I was excited to gain the support of City Councilor Brian Batson when I presented him with the background and information in favor of a citywide ordinance banning exotic animal acts and performances in Portland.

The City Council public hearing on the ordinance is scheduled for Sept. 18 at City Hall, and advocates from all over Maine are in support and as excited as I am to see this happen.

We know the public no longer wishes to view animals when so much suffering and abuse are taking place, and the notion that animals are being “well cared for” is simply not the case with captive wildlife. The confinement and severe punishment that occur in their training are inherently abusive and cruel. With the closing of Ringling Bros. Circus, the message is clear. As a professional animal behaviorist, I am keenly aware of what is necessary to force wild animals to perform.

We know that organizations contracted by Carson & Barnes Circus, which visited Portland in April, have a significant list of U.S. Department of Agriculture violations. Carson & Barnes itself, based in Hugo, Oklahoma, has a long history of abysmal animal care and elephant rampages, and has been repeatedly cited and fined by the USDA for violations of the federal Animal Welfare Act dating to 1989.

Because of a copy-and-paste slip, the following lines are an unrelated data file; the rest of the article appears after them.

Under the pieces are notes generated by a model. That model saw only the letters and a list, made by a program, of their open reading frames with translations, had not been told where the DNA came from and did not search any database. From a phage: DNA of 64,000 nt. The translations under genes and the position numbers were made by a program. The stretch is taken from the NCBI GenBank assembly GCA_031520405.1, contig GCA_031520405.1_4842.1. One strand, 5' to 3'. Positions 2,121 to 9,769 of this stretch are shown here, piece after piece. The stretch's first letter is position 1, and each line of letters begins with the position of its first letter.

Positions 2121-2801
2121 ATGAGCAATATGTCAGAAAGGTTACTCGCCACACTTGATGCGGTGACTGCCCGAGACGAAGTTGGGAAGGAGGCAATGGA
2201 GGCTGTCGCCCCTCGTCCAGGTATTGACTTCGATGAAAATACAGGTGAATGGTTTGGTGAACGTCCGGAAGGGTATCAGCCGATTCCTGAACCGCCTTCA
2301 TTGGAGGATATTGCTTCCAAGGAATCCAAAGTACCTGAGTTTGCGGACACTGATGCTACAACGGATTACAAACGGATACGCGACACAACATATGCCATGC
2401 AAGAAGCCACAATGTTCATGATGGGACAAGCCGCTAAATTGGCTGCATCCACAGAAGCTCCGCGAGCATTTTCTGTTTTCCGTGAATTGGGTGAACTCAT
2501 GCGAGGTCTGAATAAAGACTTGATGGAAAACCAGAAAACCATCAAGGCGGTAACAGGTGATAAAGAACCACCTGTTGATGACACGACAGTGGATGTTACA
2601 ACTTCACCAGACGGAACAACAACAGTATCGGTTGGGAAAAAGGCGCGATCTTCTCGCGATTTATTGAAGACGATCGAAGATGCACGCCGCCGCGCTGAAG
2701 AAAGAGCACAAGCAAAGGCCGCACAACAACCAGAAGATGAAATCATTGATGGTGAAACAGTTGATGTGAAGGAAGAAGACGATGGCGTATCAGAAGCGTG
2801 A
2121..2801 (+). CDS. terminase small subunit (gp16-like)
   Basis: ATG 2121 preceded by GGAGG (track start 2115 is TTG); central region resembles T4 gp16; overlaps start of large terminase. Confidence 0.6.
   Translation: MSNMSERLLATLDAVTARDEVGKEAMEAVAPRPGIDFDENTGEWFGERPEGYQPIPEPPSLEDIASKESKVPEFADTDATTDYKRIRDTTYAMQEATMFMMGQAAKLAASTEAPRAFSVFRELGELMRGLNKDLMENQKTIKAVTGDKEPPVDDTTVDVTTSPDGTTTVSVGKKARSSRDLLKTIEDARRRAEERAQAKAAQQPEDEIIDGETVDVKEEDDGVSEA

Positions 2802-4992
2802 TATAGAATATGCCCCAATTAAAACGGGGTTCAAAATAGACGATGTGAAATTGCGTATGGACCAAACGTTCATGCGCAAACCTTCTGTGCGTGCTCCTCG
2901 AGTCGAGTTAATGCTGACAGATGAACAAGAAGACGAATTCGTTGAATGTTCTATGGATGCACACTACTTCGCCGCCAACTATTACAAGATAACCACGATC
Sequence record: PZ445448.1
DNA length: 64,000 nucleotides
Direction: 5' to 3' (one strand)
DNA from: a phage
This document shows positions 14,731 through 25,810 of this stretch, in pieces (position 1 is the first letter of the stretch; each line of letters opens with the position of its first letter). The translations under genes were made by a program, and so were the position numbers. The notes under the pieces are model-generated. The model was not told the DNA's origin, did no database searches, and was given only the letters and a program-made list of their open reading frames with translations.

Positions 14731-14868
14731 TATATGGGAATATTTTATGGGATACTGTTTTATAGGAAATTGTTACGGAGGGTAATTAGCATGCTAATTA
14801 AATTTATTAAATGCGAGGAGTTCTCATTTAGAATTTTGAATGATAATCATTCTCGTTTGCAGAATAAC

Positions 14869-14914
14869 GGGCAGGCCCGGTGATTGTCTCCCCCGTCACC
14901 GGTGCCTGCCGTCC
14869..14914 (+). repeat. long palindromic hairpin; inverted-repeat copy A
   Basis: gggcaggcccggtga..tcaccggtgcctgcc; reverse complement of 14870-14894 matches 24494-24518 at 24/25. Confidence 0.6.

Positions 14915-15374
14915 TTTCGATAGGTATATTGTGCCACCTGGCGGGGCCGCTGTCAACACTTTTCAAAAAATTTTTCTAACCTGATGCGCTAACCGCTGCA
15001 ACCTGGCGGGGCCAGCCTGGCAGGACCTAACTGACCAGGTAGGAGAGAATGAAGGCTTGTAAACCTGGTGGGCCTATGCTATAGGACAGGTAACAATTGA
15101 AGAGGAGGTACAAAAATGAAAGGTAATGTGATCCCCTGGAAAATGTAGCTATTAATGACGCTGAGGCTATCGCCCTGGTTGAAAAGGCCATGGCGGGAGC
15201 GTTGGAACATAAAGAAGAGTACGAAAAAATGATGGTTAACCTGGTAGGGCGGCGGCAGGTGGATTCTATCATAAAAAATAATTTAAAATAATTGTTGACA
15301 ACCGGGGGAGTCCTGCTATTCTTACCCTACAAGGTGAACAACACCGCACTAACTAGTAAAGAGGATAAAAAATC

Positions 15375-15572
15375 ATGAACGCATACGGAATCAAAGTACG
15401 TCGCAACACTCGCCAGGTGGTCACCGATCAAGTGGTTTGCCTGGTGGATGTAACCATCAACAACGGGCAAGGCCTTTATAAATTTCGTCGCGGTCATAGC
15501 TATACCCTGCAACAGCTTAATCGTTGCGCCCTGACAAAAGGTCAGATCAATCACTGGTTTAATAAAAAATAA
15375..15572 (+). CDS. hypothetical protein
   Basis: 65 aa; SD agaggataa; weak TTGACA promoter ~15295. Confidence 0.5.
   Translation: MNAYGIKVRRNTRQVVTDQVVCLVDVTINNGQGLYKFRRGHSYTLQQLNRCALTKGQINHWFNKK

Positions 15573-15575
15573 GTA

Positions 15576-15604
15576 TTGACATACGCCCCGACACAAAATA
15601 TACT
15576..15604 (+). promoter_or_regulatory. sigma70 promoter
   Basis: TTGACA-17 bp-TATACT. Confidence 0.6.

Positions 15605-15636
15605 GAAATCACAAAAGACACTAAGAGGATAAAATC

Carson & Barnes’ animal care director, Tim Frisco, was videotaped viciously attacking elephants with a bullhook, shocking elephants with an electric prod and instructing trainers to embed sharp metal hooks in the elephants’ flesh. Vincent Von Duke’s Close Encounters of the Exotic Kind tiger show has been cited by the USDA for many failures to maintain tiger welfare.

There is little that circus organizations can do to prevent these abuses, as they do not own the animals. We can, however, make certain Portland is cruelty free.

Gina Garey